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"I knew something was wrong and I was so scared. I had nowhere to go. I cannot get health insurance because of my health problems so I don’t go to the doctor until my health gets terrible for me. I finally had to go to the doctor; he knew I needed some tests for an ovarian cyst and fibroid tumor. I am disabled and am raising five children so there was no money for these tests. I am also diabetic and I go without insulin sometimes because I cannot afford it. My doctor reassured me, ‘Don’t you worry, we’ll figure it out.’ He called all over to find care for me; one hospital wanted $2,000 up front and I could not afford it. He finally called St Mary’s and then called me back cheering, "We found a place – you can go to St Mary’s!" I was so scared that I had something really wrong and I was treated so nice. It happens sometimes, that when you can’t pay you get treated poorly, but when I came to St. Mary’s they didn’t care that I didn’t have the money—they only cared about me. The lady doing the CT scan was so kind, so nice. I appreciate how I was treated and it was such a relief to find a place that would take me."
Expressions of thanks and gratitude
"I want to thank you very much for your help with my account to be approved for the Community Care Program. When I received the letter from St. Mary’s waving the balance, I cried happy, relieved tears. I never in my life thought I’d be in the position I’m in at my age, but I know there are many others like me. You took a huge weight off my shoulders and made my day and more. Thank you so much again."
"To all at St. Mary’s: I graciously thank you, everyone, for the wonderful care you gave during and after my stay at your outstanding facility. I never expected to be treated that well anywhere. Everyone I met made me feel at home and completely welcome. And a very special thank you to the Community Care Committee that was able to see the dilemma my husband and I are in. There are just no words to say how grateful we are. Again, thank you."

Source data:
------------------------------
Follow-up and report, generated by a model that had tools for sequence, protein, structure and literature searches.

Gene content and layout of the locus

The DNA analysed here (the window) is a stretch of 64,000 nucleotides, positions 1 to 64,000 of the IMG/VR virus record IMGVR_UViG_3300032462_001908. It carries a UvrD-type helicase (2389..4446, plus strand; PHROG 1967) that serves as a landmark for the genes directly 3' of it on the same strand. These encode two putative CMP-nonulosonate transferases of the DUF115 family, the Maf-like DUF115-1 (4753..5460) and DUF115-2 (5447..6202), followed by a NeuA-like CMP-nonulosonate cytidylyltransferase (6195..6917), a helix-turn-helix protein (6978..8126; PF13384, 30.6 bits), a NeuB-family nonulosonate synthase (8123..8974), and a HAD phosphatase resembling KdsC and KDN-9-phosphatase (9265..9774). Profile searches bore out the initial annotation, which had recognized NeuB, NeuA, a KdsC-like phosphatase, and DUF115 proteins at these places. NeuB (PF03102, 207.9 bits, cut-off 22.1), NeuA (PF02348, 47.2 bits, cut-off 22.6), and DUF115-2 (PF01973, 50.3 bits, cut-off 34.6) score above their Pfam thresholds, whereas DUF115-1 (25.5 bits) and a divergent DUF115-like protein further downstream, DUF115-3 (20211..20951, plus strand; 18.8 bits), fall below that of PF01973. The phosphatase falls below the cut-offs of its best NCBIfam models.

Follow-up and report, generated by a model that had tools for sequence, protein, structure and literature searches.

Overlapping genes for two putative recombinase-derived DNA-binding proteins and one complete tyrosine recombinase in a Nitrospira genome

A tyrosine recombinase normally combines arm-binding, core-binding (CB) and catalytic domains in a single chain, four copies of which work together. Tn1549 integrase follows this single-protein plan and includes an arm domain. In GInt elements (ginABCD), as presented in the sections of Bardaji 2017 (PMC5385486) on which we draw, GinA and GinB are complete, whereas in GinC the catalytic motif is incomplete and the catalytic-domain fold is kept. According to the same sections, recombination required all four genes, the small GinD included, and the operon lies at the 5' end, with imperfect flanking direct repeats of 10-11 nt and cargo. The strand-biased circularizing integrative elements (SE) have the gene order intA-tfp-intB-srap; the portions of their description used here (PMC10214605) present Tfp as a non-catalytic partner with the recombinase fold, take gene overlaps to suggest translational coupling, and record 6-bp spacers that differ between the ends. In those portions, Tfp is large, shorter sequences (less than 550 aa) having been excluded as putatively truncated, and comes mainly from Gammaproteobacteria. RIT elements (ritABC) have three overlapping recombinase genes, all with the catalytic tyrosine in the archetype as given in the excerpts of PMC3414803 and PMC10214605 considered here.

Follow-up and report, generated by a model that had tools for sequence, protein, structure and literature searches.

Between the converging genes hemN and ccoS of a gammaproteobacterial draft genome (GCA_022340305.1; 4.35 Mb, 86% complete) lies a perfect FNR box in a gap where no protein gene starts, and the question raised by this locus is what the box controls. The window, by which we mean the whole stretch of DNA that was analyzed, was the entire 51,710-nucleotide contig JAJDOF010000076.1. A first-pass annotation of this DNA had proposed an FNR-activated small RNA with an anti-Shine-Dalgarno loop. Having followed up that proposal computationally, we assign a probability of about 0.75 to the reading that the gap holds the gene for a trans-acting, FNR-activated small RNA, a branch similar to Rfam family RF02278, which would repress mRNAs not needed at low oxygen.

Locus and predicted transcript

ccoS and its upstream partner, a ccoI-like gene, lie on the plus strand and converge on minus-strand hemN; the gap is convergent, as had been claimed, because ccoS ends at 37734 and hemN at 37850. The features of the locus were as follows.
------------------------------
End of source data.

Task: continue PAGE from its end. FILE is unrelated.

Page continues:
"Received your letter and statement "Paid in Full" with heartfelt gratitude. I am at a loss of words to express how I feel at this time! Thanks to St. Mary’s, I can plan and think about my future."
Stories from "A Woman’s Place" at St. Mary’s Hospital Medical Center, Green Bay
Anna, a young woman who stopped by A Woman’s Place just for some information about pregnancy, had never seen a doctor before. Our counselor suggested she go over to get checked at our partner clinic and, to everyone’s surprise, she was admitted the same day. Her baby was delivered a few hours later.
Juanita, who spoke no English, told of having to be accompanied by her 10-year-old son when she made prenatal visits to the doctor—her son had the uncomfortable job of translating her symptoms for her. Now she meets with our Hispanic health educator who helps her navigate her health care.
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While heart disease is the leading cause of death among women, many women are not aware that they can reduce cardiovascular disease risk as much as 82 percent by managing risk factors and leading a healthy lifestyle.